Sunday, September 29, 2013


Are you a Do It Yourself person or a Do It For Me? Most people are a mixture of both. I know I am. I am very dominate DIY, but I am very willing to admit when I need to become a DIFM. There is nothing wrong with paying someone else to do something for you if you do not have the time or expertise to get the job done. If you are anything like me you have several projects going at the same time. Plus you have several more waiting to be put in the line up. How do you determine which ones to do yourself and which ones, if any, to hire out? We are going to take a look at how an asset manager would consult a business on which projects to subcontract and which to do in house.

First things first. We must prioritize our projects. There may be projects that seem critical, but may not be important. I know that sounds confusing so I will explain. There are things that instantly grab your attention, they almost scream at you "I need to be done!!". But does it really need to be done? Some things that are urgent are not important. If some children have rolled your yard (thrown toilet paper into every tree) you are not going to be able to ignore the fact that there are streamers of Charmin everywhere. Most people are going to want to clean it up immediately, it is urgent to clean that mess up, but is it really important? If you were to leave the toilet paper up there for a few days would it damage the trees or the yard? No. Does leaving the paper out there create a health risk? No. So is it really important? No, it really isn't, but it is urgent. (My wife after reading this said "But we would have to clean up the toilet paper right away."

If we take this lesson and apply it full scale things that are urgent and important will be done first. Things that are important will be done second and things that are just urgent will be done third or later. I was first introduced to this concept in a book by Stephen Covey 7 Habits of Highly Effective People. This book was the first time I had heard this concept explained in such a way. This was an incredible observation and I can tell you when I practice this things work out better. People sometimes get upset because what they see as urgent gets put off, but the result are incredible.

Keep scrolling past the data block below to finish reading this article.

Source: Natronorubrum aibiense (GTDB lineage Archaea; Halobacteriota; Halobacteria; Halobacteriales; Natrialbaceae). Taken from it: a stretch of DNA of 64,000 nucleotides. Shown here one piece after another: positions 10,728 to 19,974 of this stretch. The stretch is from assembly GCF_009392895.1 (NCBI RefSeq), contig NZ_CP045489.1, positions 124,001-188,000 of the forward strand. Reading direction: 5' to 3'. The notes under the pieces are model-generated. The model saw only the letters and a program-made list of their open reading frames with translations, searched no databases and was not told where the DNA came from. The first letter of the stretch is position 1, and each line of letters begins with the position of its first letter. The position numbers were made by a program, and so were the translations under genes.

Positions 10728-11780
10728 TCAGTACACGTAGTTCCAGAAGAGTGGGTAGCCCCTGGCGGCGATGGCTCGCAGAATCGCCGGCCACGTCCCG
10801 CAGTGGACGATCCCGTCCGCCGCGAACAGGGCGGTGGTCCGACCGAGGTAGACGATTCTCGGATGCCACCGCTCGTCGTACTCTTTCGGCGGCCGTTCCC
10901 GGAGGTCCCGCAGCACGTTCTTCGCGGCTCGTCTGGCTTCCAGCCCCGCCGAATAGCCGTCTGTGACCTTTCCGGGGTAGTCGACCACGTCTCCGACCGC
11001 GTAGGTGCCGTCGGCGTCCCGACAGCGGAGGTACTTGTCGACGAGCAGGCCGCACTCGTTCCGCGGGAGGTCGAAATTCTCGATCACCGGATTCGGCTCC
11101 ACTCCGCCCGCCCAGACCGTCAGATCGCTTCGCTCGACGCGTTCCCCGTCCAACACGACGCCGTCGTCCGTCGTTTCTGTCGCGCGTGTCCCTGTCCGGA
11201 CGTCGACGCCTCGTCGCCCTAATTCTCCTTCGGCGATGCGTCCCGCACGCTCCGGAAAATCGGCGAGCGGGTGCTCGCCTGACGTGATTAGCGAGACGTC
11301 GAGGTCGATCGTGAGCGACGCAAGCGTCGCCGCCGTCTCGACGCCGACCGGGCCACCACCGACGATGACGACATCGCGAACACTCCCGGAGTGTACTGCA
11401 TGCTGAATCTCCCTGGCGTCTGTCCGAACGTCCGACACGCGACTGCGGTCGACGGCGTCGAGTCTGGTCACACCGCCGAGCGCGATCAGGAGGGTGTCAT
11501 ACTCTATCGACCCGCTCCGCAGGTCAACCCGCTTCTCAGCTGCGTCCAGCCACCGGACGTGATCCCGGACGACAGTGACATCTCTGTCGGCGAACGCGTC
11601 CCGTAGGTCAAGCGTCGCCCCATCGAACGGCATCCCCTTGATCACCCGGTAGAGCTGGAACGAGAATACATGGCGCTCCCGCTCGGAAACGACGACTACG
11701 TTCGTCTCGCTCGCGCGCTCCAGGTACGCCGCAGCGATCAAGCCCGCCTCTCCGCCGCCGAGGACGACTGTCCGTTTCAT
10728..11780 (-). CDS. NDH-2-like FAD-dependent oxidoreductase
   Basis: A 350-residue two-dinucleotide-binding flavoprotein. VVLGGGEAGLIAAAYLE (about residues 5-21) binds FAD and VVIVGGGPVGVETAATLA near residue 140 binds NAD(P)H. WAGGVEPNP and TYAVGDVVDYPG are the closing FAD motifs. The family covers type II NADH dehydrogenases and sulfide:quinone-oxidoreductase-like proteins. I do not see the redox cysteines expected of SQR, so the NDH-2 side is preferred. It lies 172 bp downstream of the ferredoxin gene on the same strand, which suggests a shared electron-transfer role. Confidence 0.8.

After we have prioritized out projects and determined which ones are important and urgent, which ones are important but not urgent and which ones are urgent but not important we have a clearer picture of what needs to be done and in what order.

Many times I will hire help to complete a project rather than hire someone to do the job for me. There are a couple of reasons I would rather hire assistance. (1) I can make sure that the project is done exactly the way I want it to be done. If the project is something I know a lot about I can hire someone with little or no experience and save some money as well as help teach someone how to do things. (2) If it is a project that I do not know a lot about I can hire someone who has more experience that I do and I will learn from them. I love to learn from someone who really knows what they are doing. When I can get an expert to help work with me on one of my projects I not only get the project done I gain knowledge.

Here are the reasons that I would advise hiring a project done:

  1. A contractor can do a superior job
  2. The job can be completed more quickly
  3. The job can be completed more cost effectively 
  4. Hiring a contractor frees you to do something else or even work on another project.
Now for my words of warning. I would never advise someone to hire a project done if they need to borrow money to complete the project. If you would have to borrow money I would advise to either wait on the project till you can save up the money to pay cash for the project or do it yourself a little at a time. I do not like debt. 

I would never let a contractor work on a project of mine unless I am certain that they have a full understanding of what I want done, what time table I expect and can communicate back to me what I want. Several years ago I hired a gentleman to do some excavation work for me. We sat down and talked out everything that I wanted done. I drew out a map of how and where I wanted everything. This project included putting in a drive and building up a raised flat surface as well a preparing a building pad. The day the excavation was supposed to start I worked all morning and was expecting to see some progress as soon as I arrived after work. Nothing. I was late when I got in so I thought I would give them a day or two to get with me. The next day the equipment was there but no work was done. The third day I could tell a little earth had been moved, but I needed this part done before I could get anyone else on the site. I called the operator and several times and did not get in touch with him. After a week of gradual progress on my site I took a day off of work to be able to see what was going on. 

The guy I hired finally showed up to start work at around 10 am. He worked for about an hour and a half and left. About two hours later he came back and worked for about an hour. He was getting ready to leave when I walked up on him. I do not remember the excuses he gave me, but he no longer worked for me. I hired another man to do the work who charged more per hour, but was finished with everything in three days.

The moral to the story is do your homework. Know what you want done and be able to communicate the scope of the project to a prospective contractor. Ask around for a recommendation for a contractor and above all else watch your contractor as closely as you can. 

Think big, plan well, pay your bills, and work hard. Above all .....

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By Gregg Carter